Working On Or Near Roadways

Written by Daniel Aday, CompOne Administrators Safety & Loss Prevention Specialist

Regardless of your exact scope of work, at some point in nearly everyone’s job they may find themselves working near a road. Roadways pose serious hazards, not only for motorists, but for pedestrians, cyclists, and workers. Whether collecting the mail, picking up trash, cutting the grass, shoveling sidewalks, or even pouring concrete, all of these could mean standing near or on the road. It is important to know where the hazards occur, how to recognize hazardous work situations, and how to keep yourself safe while working near a roadway.

According to the CDC, for every 5 motorist that are killed in crashes, 1 pedestrian’s life is also taken. While speed is always a large factor, it is not the best gauge used to measure your risk; most vehicle/pedestrian fatal accidents occur in urban areas, away from intersections, and at night. If you find yourself being in this area or category, ensure you take extra precaution when working. Even if you are not in this category, you still may not be completely safe while working near the roadway. Accidents can occur almost anywhere, especially with motorists distracted now more than ever with cell phones, infotainment controls, and everything else.

Plan your work around traffic, if at all possible. If you just have a simple task that involves walking or working near the road for a short period of time, plan on doing these tasks between 10 AM and 11 AM or in the afternoon between 2 PM and 3 PM. Absolutely avoid, if at all possible, work during rush hours. The typical rush hour starts around 7 AM to 10 AM and occurs in the afternoon again from 4 PM to 7 PM. While all these times may change depending on your location, it is best to observe and record when the traffic is the slowest in your areas. Sometimes work schedules should be changed up to avoid the busiest traffic times. You see this with highway construction. Highways tend to have more work at night, not only due to less heat, but also because there is significantly less traffic. Just be aware of your local laws as there may be ordnances that do not allow certain work to be performed before certain times.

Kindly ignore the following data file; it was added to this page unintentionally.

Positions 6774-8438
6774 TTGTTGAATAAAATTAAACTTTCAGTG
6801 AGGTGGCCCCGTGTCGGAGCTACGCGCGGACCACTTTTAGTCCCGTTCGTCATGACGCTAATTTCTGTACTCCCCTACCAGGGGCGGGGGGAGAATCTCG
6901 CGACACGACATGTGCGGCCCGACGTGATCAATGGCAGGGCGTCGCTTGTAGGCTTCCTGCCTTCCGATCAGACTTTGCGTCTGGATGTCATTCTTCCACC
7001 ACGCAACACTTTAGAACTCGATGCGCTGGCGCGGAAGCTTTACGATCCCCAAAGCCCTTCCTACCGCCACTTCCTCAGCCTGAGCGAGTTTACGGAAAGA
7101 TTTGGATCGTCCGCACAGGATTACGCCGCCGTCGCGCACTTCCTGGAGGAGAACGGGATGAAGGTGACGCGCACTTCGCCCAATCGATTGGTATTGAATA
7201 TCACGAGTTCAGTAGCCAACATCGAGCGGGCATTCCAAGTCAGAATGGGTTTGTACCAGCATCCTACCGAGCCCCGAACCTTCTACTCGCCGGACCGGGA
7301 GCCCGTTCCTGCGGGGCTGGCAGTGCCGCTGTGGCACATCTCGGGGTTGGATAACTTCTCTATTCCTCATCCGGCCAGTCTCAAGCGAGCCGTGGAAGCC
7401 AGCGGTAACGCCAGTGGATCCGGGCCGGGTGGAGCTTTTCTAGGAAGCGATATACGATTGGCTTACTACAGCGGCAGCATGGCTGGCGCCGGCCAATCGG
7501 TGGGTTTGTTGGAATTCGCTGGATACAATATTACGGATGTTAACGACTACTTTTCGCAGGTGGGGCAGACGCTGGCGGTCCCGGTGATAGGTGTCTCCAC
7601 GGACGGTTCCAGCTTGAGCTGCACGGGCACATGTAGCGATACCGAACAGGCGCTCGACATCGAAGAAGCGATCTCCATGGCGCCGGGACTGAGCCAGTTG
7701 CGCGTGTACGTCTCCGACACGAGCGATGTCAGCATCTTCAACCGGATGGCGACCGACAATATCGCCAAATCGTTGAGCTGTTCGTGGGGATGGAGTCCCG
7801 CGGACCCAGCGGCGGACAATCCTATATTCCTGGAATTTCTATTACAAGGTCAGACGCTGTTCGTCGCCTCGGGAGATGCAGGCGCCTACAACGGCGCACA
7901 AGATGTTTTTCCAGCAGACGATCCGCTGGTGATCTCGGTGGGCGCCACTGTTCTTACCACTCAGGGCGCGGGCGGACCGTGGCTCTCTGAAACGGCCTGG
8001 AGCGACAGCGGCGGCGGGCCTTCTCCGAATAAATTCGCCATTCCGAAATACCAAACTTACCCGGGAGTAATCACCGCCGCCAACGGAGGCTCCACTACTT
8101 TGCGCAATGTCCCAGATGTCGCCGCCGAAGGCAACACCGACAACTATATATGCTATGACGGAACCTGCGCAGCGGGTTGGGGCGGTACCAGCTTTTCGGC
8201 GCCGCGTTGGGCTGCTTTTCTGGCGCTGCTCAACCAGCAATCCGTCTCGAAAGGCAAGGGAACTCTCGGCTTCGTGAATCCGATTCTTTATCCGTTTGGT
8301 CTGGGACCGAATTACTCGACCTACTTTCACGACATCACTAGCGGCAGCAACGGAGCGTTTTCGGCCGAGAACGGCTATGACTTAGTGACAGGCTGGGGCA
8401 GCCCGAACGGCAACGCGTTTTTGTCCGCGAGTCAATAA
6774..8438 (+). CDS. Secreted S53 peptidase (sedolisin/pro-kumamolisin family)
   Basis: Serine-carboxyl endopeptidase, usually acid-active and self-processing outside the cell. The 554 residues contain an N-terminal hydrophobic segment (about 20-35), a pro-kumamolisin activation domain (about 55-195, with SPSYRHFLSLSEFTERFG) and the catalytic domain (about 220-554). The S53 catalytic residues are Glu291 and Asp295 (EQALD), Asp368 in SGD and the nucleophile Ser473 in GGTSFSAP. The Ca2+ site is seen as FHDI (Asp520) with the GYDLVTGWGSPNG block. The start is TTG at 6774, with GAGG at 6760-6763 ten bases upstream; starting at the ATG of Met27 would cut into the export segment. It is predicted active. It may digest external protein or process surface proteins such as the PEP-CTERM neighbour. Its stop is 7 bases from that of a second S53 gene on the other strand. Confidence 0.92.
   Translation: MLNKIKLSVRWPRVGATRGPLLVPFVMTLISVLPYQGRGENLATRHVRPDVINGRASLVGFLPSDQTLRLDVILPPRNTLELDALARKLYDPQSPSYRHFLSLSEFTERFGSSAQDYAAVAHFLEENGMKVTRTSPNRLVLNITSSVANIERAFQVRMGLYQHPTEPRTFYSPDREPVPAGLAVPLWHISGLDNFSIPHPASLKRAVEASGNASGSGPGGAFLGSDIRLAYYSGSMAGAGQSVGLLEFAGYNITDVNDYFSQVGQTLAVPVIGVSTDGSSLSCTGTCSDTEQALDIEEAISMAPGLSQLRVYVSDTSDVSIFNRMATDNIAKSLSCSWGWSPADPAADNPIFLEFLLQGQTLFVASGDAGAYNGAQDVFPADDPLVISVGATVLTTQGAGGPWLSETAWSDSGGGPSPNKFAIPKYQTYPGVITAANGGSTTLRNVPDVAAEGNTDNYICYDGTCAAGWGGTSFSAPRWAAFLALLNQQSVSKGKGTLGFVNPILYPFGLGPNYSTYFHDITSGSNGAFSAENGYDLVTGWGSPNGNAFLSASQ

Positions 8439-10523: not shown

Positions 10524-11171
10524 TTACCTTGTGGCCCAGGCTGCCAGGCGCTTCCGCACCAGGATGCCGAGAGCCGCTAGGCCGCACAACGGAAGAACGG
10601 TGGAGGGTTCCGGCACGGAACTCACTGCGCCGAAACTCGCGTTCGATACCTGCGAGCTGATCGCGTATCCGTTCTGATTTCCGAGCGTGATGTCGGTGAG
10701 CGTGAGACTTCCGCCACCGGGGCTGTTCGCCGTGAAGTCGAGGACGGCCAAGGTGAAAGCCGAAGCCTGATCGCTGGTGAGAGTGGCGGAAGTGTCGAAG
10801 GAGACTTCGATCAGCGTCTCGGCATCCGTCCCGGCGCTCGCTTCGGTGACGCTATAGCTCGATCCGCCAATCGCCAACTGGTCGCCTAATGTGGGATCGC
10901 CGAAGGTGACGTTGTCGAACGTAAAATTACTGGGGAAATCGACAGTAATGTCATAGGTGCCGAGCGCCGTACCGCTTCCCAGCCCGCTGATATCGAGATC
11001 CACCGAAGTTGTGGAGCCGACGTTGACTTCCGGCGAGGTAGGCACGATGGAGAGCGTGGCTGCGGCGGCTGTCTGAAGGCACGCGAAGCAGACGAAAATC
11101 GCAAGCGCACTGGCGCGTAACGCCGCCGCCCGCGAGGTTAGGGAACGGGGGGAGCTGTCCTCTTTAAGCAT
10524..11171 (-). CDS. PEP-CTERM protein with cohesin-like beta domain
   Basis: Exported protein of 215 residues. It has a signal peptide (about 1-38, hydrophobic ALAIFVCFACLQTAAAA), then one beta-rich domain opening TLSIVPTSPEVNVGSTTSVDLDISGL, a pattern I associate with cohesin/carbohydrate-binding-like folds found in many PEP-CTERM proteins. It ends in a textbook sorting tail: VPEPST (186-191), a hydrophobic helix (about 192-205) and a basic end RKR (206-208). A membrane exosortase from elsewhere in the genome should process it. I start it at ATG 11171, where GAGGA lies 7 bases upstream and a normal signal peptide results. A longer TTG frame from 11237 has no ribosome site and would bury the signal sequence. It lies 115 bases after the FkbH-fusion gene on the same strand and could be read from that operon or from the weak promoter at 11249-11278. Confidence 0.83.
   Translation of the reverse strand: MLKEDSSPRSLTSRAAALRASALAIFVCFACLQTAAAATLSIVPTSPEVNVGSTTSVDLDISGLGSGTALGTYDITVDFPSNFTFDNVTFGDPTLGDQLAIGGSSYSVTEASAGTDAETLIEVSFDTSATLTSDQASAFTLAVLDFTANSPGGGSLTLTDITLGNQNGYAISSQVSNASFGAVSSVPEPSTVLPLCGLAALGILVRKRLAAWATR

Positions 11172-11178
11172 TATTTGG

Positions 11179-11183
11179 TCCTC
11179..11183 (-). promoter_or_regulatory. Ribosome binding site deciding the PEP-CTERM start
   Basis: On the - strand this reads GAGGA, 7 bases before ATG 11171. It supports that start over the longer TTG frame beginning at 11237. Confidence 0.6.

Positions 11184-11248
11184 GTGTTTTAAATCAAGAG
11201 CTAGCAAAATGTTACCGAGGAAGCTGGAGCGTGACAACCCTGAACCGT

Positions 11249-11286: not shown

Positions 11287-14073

If you find yourself working heavily near roadways, you may find yourself in the category of having to comply with OSHA’s (or MIOSHA’s) PPE regulations on high visibility apparel and general duty clause. If you do, then all employees performing work on or exposed to vehicles or construction equipment must have safety vest worn (referencing MIOSHA’s PPE Standard). Safety vest or shirts must meet ANSI 107 Class 2 (sometimes written as ANSI Class II) or Class 3 (III). The difference of vest requirements would be the speed of traffic or the amount of traffic or hazards present. Even if you do not meet the full requirement to mandate high visibility apparel, as a general rule of thumb it is always a good idea to wear bright colors or even high visibility whenever working near vehicles in areas such as parking lots, driveways, areas where industrial vehicles are present, and especially near traffic and roadways.

General safety should be taught for all, as safety is not as common sense as most people think. Some general safety tips for working near traffic are: never turn your back to traffic, ever; never walk between 2 parked vehicles immediately next to a roadway, if one is hit then it will pin you between the vehicles; never use earbuds or look at your phone while walking or working near a roadway; do not assume a car can see you, always wait until the vehicle comes to a complete stop before entering a roadway; and lastly, the best way to make all pedestrians safer is to make all of us drivers safer behind the wheel.

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